The Drown Log Cabin, Built in 1866 - Midvale, UT
Posted by: Groundspeak Premium Member Chasing Blue Sky
N 40° 36.718 W 111° 54.853
12T E 422663 N 4496084
Quick Description: Built in 1866, the Drown log cabin, which was relocated to this site, is representative of the early homes typical of Pioneer life in the Midvale, Utah area.
Location: Utah, United States
Date Posted: 9/29/2011 1:21:27 PM
Waymark Code: WMCPGQ
Published By: Groundspeak Premium Member saopaulo1
Views: 6

Long Description:
Built in 1866, log cabin is steeped in Midvale history
By lindsay whitehurst

The Salt Lake Tribune
Published: February 23, 2011 12:37PM
Updated: March 22, 2011 11:41PM

Midvale • New luxury apartments now rise around the little wooden cabin with the earthen roof.

Constructed in 1866, the Drown Cabin was one of the first houses built in the area in a time when most pioneers were still living in homes dug out from the earth. Once home to a family of 10 children, the approximately 20-by-15-foot cabin twice moved across town and is now surrounded by a pioneer cemetery.

Now, more than 10 years after a major restoration effort, descendants of the family who built the cabin and the coordinator at the Midvale Museum want to make sure the little cabin and cemetery steeped in Midvale history are preserved and protected.

“You can see where the fence has come down [in places] ... there are headstones missing, garbage,” said Chelsea Rushton, the museum coordinator, on a windy winter day. The cabin is set into a field north of Center Street (approximately 7800 South), near the intersection with Holden Street (700 West).

The present location is west of where it was originally built by William B. Bennett and his wife, Sarah. Born in England in 1844, Sarah Bennett and her first husband converted to The Church of Jesus Christ of Latter-day Saints and took on the grueling trip across the ocean, then over the plains to Utah, said Joyce Dahl, her great-granddaughter.

Dahl, now 82, remembers Sarah Bennett telling her stories of encountering American Indians on the long journey, and the women and children walking next to the wagons when they were too heavily laden to ride.

In Utah, Sarah met and married William Bennett. They moved into a dugout along the Jordan River while building the cabin. Bennett recruited his friend David Drown to help him fell trees in Big Cottonwood Canyon and haul the logs down the canyon for the house.

The Bennetts moved into their house while David Drown and his wife, Sarah, lived in a nearby dugout home, where they had four children. The ladies often gathered for tea in the Bennett cabin, Rushton said.

The Bennetts stayed in the house for only two years, though, until they completed work on a larger brick and mortar home on the corner of Center and Main streets. In 1868, William Bennett gave the house to David Drown to thank him for helping build it. The Drowns lived in the cabin for four more years, during which time they had six more children for a total of 10. In 1890, they moved it to the rear of the property to build a larger frame house, Rushton said.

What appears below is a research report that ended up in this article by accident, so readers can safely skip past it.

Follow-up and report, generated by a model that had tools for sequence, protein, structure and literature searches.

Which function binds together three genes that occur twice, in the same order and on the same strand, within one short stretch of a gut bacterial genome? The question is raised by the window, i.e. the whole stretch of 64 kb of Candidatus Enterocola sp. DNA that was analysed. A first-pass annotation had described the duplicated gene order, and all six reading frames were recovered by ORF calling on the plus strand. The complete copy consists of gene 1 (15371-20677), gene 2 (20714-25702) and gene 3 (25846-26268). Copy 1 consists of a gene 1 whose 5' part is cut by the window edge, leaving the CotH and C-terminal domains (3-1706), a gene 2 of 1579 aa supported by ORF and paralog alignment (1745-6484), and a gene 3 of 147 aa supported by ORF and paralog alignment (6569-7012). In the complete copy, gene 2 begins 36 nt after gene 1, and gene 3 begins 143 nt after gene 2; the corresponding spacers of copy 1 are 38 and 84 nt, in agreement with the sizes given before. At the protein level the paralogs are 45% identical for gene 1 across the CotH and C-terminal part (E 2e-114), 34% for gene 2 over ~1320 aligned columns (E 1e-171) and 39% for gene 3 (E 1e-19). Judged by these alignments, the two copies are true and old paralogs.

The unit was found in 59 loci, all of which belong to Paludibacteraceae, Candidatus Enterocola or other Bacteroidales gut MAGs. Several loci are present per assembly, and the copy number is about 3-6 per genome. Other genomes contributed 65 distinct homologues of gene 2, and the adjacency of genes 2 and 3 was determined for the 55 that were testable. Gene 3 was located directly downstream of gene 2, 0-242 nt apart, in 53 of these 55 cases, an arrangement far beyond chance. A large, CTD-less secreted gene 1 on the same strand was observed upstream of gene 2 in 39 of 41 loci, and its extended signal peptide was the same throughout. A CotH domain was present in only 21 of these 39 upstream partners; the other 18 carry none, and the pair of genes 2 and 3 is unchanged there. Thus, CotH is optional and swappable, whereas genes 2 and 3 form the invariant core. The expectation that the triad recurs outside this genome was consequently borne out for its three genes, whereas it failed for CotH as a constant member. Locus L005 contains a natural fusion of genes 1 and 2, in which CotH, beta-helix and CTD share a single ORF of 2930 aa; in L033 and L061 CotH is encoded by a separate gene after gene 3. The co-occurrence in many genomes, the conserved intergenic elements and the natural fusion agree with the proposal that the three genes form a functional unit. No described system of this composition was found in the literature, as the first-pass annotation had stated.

Meanwhile, a large smelter went up east of the Jordan River close to the pioneer burial ground, called the Cutler Cemetery. The resting place would became a major headache for smelter operators, Rushton said. In the early 1900s, they paid a man $10 a body to move some graves to other cemeteries. In 1912, floods washed bodies out of graves.

“In 1942, the smelter got so tired of the community griping about the cemetery that they dumped 52,000 tons of toxic material — iron sulfur and arsenic — and covered most of the cemetery,” Rushton said.

Almost 30 years after the close of the smelter in 1968, the Environmental Protection Agency came to town to clean up the polluted site. A few years later, a $26,000 restoration effort identified about 130 people who were buried there — without the benefit of headstones, since the last disappeared in the 1930s. Even a large white-spire monument commemorating the first four settlers to die in the area is now worn down to a blank piece of stone.

At the same time the Drown Cabin was moved from Midvale City Park to the cemetery site to make room for a new Boys and Girls Club. The cabin was in sad shape at the time, with missing logs, a rotted roof and dilapidated doors.

The 1999 restoration effort also repaired the cabin, giving it a new roof, logs, and new shutters built to match the originals. But in the 11 years since, vandals have torn at the shutters and pieces of the white picket fence around the half-acre cemetery have come down. The only way to access the cabin is to pick through a field leveled and ready for more apartment buildings.

Those new buildings offer the possibility for more eyes on the historic cabin, Dahl said.

“I think as the apartments get built around it, they’ll be more people to watch and less vandalism,” she said. “We love Midvale; it’s a big part of our family history.”

But those new buildings are also a reminder of why its important to preserve the past, Rushton said.

“I’d like to see [the cabin and cemetery] restored and preserved correctly,” she said. “It’s meaningful to a lot people, because we don’t have a lot of historical buildings left.”

lwhitehurst@sltrib.com
Type of publication: Newspaper

When was the article reported?: 2/23/2011

Publication: Salt Lake Tribune

Article Url: [Web Link]

Is Registration Required?: no

How widespread was the article reported?: regional

News Category: Society/People

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